"We're seeing a large number of network scans, IP scans, port scans, and vulnerability scans on networks, which are attempting to identify other devices and systems as well as look for targets for the next step in lateral movement," Wang says.

In one instance, researchers at Palo Alto Networks' Unit 42 threat intelligence group found a variant of the Gafgyt malware targeting more than 32,000 potentially vulnerable small office and home wireless routers to conduct a botnet attack against gaming servers on the Internet, Wang says.

The survey results reinforce what is already known about the current state of IoT security, she notes.

"For example, in our research lab we've been able to hack into infusion pumps, routers, and IP cameras, which are some of the most vulnerable types of IoT devices in enterprises," Wang says.

A Worsening Problem
Such issues could soon become worse. Nearly nine in 10 (89%) of IT decision makers in Palo Alto Networks' survey reported seeing an increase in the number of IoT devices — many of them nonbusiness-related — on their networks over the past year. Thirty-five percent described the increase as significant.

Such proliferation of IoT devices has begun changing the threat profile at many organizations. According to Palo Alto Networks, its research shows some 57% of installed IoT devices are vulnerable to attacks with medium to severe consequences.

The survey also shows that many organizations are unprepared for the threat. Only 21% of the IT leaders in the survey, for instance, said their organizations had implemented best practices such as micro-segmentation to separate IoT devices from the rest of the business network. Security experts have long considered segmentation as critical to ensuring attacks on IoT devices and environments don't spill over to the business network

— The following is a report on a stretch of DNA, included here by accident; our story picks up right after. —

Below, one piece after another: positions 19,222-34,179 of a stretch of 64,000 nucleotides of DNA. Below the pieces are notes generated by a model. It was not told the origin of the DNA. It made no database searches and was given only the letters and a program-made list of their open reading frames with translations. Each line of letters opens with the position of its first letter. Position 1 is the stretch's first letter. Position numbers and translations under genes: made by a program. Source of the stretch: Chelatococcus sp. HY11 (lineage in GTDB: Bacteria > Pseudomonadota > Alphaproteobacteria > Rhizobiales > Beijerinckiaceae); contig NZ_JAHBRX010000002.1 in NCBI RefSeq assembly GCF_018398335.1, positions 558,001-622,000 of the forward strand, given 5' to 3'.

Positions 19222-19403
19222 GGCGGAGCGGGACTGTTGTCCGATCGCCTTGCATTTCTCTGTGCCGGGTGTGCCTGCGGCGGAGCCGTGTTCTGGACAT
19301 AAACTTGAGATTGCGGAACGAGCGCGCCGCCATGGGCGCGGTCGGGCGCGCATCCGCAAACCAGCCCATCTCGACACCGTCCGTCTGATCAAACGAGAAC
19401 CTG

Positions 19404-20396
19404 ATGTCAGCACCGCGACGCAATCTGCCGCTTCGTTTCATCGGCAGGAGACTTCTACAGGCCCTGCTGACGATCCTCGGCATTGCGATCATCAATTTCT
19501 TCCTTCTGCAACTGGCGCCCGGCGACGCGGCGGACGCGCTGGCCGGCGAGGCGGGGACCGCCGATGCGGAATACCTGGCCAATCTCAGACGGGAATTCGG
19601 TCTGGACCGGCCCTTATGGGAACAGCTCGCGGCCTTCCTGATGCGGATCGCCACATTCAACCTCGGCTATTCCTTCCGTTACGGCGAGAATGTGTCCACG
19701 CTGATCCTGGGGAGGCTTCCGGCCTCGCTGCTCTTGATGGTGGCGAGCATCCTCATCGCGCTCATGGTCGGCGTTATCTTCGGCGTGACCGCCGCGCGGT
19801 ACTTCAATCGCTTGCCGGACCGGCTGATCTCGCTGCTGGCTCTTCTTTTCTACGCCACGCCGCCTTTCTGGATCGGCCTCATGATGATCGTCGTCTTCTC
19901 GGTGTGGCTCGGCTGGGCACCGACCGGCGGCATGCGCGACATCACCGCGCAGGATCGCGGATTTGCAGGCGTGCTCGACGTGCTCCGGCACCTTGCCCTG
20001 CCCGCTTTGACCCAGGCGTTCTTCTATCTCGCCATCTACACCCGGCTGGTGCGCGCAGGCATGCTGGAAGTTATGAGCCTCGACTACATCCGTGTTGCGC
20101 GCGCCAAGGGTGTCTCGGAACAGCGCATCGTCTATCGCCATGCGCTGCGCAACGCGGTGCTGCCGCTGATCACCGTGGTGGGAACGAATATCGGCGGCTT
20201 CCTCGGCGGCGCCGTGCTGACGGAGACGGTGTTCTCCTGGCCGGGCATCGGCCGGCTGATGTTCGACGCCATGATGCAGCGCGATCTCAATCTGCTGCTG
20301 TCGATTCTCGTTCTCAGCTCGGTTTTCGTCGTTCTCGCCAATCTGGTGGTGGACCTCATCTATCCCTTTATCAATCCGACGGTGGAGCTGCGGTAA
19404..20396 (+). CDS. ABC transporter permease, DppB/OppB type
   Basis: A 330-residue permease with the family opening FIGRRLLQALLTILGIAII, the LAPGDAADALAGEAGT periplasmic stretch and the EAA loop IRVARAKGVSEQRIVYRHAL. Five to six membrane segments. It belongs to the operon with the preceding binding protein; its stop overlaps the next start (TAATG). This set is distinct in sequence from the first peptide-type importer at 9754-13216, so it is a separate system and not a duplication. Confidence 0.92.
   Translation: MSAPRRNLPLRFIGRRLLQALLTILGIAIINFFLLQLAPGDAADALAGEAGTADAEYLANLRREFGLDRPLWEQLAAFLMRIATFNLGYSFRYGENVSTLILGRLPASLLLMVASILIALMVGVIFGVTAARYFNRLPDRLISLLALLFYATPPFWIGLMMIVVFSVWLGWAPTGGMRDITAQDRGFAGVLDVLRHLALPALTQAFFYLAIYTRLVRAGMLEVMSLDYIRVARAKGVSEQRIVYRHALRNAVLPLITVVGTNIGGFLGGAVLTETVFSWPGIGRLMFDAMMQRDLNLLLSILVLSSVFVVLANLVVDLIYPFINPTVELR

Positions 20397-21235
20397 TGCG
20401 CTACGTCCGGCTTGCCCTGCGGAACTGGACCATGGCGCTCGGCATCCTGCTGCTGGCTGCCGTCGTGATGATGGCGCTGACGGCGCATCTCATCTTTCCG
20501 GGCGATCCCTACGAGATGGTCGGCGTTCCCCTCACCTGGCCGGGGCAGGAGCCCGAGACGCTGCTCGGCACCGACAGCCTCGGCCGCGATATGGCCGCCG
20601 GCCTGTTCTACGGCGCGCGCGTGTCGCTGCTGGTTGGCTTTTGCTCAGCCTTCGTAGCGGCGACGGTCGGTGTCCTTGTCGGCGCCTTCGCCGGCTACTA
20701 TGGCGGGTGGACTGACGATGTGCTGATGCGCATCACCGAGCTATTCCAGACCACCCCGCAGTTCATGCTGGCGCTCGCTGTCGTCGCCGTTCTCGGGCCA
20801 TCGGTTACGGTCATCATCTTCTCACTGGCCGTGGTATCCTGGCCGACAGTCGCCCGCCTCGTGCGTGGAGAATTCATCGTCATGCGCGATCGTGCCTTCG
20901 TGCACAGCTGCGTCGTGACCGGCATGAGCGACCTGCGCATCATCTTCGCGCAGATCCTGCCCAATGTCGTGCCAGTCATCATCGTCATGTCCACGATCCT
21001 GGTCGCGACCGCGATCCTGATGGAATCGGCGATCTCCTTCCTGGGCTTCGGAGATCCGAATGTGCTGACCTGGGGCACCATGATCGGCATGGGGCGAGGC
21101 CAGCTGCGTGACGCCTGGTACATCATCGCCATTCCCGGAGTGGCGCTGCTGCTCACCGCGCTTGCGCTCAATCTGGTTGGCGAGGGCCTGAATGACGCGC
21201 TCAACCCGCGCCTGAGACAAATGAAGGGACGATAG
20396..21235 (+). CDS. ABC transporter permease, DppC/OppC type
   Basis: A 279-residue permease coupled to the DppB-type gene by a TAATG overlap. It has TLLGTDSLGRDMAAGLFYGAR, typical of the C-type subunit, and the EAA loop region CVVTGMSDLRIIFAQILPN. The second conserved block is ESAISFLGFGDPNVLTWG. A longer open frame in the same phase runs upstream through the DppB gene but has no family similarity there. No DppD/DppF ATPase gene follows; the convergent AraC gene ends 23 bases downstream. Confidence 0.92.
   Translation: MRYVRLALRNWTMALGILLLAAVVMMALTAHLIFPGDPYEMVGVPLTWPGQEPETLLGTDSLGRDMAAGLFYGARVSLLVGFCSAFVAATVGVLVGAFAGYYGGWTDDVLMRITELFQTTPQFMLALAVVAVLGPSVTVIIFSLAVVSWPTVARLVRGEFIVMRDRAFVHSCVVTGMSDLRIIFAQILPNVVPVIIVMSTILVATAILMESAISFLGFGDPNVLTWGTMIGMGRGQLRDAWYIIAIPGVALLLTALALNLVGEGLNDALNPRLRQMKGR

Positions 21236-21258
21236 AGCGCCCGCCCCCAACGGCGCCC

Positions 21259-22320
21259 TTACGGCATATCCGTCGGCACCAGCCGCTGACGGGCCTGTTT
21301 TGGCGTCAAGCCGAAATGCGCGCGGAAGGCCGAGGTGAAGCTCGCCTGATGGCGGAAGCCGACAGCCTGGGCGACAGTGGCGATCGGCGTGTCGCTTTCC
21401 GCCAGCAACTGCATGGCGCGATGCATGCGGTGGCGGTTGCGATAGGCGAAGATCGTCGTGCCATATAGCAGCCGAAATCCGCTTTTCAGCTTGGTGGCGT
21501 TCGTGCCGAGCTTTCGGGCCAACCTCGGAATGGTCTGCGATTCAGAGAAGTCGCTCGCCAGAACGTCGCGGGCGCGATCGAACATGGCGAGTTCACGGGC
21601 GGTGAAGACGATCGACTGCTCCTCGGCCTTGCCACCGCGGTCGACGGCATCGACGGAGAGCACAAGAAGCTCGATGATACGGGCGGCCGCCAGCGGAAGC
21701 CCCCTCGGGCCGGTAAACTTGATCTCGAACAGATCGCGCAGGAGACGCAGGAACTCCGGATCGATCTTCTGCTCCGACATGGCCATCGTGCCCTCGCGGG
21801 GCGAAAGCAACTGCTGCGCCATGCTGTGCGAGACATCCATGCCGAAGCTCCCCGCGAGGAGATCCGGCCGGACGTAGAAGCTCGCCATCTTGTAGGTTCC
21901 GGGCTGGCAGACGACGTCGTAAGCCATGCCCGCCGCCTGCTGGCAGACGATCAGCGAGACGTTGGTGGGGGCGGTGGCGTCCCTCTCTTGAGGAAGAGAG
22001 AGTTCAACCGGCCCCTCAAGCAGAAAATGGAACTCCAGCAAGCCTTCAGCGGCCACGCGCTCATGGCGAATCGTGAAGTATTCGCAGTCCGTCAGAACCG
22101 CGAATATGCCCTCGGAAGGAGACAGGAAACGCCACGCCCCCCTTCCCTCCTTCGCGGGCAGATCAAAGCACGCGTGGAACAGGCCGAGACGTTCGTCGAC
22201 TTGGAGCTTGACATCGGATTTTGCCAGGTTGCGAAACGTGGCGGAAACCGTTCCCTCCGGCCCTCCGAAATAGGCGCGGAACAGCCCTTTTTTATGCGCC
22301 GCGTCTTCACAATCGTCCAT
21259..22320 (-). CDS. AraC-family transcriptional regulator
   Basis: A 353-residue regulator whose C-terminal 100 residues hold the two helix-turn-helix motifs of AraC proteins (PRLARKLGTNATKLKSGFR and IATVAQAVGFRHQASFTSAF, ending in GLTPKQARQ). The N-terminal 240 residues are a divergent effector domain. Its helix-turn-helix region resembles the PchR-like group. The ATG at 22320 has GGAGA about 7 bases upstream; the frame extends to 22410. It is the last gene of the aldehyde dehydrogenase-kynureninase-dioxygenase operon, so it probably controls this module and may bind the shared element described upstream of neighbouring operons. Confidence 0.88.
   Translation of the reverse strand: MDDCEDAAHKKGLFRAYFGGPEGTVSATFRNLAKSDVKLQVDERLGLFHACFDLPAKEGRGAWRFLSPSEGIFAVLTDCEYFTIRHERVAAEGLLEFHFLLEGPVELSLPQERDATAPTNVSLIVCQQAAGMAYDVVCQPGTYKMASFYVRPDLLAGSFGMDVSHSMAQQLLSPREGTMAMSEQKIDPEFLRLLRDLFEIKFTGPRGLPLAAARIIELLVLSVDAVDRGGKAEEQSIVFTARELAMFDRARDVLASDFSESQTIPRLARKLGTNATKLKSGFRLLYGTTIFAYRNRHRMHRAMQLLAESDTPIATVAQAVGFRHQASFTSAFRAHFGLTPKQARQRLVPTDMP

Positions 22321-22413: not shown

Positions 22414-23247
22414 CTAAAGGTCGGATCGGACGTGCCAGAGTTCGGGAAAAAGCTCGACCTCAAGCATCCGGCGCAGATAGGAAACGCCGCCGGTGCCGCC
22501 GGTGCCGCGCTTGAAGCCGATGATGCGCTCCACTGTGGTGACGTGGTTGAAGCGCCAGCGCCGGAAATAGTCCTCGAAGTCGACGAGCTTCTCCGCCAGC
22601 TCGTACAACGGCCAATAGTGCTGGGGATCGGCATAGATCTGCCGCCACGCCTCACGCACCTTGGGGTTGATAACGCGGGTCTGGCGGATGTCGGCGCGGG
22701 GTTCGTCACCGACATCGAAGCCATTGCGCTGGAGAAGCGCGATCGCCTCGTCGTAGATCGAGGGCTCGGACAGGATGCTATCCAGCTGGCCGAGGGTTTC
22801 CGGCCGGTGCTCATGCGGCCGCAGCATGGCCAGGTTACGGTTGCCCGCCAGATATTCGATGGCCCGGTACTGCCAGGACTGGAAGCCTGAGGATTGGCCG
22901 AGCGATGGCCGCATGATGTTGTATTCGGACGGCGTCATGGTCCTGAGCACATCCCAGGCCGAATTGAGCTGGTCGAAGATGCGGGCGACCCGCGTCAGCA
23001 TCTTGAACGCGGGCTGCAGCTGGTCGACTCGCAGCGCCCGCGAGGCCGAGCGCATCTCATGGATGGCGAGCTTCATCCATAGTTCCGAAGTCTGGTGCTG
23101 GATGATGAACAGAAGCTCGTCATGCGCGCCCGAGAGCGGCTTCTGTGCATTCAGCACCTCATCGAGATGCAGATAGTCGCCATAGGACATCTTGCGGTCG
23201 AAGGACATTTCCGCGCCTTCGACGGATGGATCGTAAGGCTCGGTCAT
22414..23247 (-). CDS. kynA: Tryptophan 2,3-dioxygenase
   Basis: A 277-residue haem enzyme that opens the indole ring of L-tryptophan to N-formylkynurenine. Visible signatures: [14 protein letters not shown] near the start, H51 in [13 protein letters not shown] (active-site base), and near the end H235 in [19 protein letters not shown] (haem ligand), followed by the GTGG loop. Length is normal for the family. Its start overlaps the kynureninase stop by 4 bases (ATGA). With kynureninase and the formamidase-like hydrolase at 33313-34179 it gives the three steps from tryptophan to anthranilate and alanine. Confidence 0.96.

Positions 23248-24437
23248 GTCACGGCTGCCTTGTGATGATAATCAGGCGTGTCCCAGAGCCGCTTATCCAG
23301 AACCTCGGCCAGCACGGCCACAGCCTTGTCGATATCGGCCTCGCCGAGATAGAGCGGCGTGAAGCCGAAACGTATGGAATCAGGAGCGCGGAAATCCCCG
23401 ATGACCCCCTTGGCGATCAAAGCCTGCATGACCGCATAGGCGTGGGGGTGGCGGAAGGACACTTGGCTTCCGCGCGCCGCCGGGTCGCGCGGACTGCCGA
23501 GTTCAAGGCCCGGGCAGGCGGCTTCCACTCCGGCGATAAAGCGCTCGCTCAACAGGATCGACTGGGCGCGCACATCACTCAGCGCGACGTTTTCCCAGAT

More than half (58%) of survey respondents said they either needed to make a lot of improvements in their approach to IoT security or they needed to completely overhaul it. More respondents representing midsize organizations described their firms as requiring a complete IoT security overhaul than those at large companies and in small organizations.

Wang says organizations can take multiple steps to mitigate exposure to IoT security threats. The first step should be to enable visibility into the exact number and types of devices on the network and to maintain an updated inventory of all connected IoT assets.

Organizations should also consider implementing real-time monitoring of the IoT network and, in addition, apply network segmentation so as to reduce the attack surface.

About the Author(s)

Jai Vijayan, Contributing Writer

Contributing Writer, Dark Reading

Jai Vijayan is a seasoned technology reporter with over 20 years of experience in IT trade journalism. He was most recently a Senior Editor at Computerworld, where he covered information security and data privacy issues for the publication. Over the course of his 20-year career at Computerworld, Jai also covered a variety of other technology topics, including big data, Hadoop, Internet of Things, e-voting, and data analytics. Prior to Computerworld, Jai covered technology issues for The Economic Times in Bangalore, India. Jai has a Master's degree in Statistics and lives in Naperville, Ill.